While we didn’t get a new Aveline in the Assassin’s Creed franchise, EA brought us the return of Faith in the new Mirror’s Edge game. Sandwiched between eye-roll inducing announcements of extreme sports and the Battlefield: Hardline reveal, Mirror’s Edge 2, while not a surprising announcement, was a breath of fresh air in an otherwise monochromatic press conference. Faith is back and EA looks to be taking her return very seriously with tightened parkour controls, and a new spin on combat. Where the first game cut Faith’s free-running short with enemy encounters, DICE is now looking to incorporate combat into the flow of the game to keep the momentum going. The emphasis on Faith’s capabilities and motivations as a protagonist during the presentation was fantastic, and shows a kind of respect that female characters are rarely afforded. We hope to see more presentations like this in the future, where a female character’s strength is defined on her own terms as opposed to how well she can emulate a male protagonist.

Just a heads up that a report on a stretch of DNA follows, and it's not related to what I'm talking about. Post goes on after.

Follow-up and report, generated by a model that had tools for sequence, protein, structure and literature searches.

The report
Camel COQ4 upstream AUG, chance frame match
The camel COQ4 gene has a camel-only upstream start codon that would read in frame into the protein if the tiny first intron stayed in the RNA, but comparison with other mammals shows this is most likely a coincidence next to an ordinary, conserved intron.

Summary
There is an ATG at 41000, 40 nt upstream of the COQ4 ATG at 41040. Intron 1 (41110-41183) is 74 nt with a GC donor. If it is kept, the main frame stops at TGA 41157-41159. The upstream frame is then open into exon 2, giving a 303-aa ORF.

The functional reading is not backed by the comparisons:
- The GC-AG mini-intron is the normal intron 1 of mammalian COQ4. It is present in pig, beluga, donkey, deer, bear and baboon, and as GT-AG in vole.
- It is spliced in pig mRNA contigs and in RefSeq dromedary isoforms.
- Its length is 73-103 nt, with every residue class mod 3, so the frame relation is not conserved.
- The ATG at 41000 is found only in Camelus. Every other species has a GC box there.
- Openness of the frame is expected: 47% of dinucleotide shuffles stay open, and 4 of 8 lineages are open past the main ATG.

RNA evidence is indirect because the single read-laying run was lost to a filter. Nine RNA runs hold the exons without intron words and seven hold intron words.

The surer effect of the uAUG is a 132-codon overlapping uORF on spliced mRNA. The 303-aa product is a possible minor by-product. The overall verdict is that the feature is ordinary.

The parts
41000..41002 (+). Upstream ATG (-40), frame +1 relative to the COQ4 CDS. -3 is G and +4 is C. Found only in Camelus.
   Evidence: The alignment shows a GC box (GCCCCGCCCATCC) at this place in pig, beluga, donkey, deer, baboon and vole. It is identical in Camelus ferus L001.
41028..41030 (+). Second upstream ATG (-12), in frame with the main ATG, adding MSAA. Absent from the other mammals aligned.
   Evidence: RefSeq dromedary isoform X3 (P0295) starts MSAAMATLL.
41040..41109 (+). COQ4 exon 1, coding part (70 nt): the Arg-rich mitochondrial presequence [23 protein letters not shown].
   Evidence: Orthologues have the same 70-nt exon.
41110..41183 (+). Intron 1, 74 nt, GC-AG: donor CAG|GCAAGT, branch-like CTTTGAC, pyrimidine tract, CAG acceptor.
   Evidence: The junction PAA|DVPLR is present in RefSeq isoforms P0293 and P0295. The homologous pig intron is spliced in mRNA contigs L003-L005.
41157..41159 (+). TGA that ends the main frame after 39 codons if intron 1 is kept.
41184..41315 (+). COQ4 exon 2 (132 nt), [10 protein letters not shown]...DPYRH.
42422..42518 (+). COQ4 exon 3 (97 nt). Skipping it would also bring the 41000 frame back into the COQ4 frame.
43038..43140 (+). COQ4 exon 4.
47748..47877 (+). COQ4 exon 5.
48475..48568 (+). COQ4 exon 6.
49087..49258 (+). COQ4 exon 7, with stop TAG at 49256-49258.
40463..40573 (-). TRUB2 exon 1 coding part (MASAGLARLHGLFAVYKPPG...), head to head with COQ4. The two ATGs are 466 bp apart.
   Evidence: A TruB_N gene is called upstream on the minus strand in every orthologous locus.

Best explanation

But the biggest disappointment from the year also came from EA. Battlefield: Hardline was all over E3 this year, and appeared to be the biggest game announced on the first day. Using the expansive locale of Los Angeles for an all-out war between the police and criminals, Battlefield: Hardline looks to be ratcheting everything up to 11, including EA’s lack of social consciousness. Critics tore into the game on twitter, and for good reason, one such critic, Chris Franklin called it “the absolute worst of videogames. It’s super-expensive spectacle that doesn’t care what it’s actually about.” This is due to Hardline’s weird celebration of police brutality. It fetishizes collateral damage, making a spectacle of construction equipment crashing into buildings. Even Michael Bay would include a shot of the American military heroically coming to the aide of civilians trapped in those buildings–albeit in helicopters and against a setting sun. When your game looks like something that Michael Bay wouldn’t touch, you know you’ve done something wrong. But the military is nowhere to be found, instead the police force has militarized, a terrifying concept that has far more baggage than EA would like to admit, as Rowan Kaiser pointed out, the militarization of police “is a huge civil liberties issue.” Hardline is irresponsible with its socially-charged imagery, and the pageantry of violence was especially tone-deaf. While there were games with similarly problematic elements at the expo this year, the amount of time Hardline was afforded on stage was disheartening.